Male honey bees are called drones. Drones are easy to spot: they are larger than workers, have huge eyes that almost touch, and have a barrel-shaped abdomen with a blunt tip, unlike the pointy abdomens of their sisters.
Drones make up a small percentage of bees in a colony. Many factors contribute to the number of drones a colony will raise. Larger, healthier colonies will raise more drones, about 4.8% of the total population.1 Weaker colonies raise fewer2, as survival of the colony is the top priority, and reproduction (where the drones come in) is second.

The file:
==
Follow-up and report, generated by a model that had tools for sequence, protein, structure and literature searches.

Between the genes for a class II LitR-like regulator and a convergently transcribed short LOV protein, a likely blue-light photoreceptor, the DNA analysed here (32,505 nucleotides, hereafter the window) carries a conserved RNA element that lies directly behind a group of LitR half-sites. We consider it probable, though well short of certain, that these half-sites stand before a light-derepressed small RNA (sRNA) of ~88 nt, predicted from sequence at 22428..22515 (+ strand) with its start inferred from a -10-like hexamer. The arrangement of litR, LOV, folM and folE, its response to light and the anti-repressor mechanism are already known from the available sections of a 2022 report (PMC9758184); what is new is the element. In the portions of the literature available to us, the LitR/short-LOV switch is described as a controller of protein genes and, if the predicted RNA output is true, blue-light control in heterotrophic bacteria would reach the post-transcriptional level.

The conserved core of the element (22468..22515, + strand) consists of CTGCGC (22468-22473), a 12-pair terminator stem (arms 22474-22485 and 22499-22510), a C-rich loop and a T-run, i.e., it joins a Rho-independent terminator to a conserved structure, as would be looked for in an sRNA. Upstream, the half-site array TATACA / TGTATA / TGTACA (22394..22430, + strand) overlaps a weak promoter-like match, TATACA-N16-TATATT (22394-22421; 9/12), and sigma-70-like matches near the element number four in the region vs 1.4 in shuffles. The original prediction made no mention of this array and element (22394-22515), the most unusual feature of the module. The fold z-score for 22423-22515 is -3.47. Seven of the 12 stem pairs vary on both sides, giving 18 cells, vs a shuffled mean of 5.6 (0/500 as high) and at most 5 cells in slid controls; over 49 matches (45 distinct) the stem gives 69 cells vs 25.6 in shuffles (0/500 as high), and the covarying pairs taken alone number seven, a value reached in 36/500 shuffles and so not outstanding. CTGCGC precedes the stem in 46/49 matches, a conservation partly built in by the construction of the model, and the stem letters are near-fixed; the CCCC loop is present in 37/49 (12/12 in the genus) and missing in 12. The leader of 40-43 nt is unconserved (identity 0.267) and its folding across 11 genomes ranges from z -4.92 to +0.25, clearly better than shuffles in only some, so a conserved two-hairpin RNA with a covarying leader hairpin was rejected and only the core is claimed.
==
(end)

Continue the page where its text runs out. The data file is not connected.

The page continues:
Male honey bees have one biological imperative: to mate with a queen. They don’t contribute in any discernible way to the daily life of their colony; their sole purpose is to spread the genetics of the queen mother. Unequipped for defense, they can’t even sting.
G Koeniger, N Koeniger, J Ellis, LJ Connor – 2014 – Wicwas Press LLC
2Thomas D. Seeley (2002) The effect of drone comb on a honey bee colony’s production of honey, Apidologie, 33 1 (2002) 75-86, DOI: https://doi.org/10.1051/apido:2001008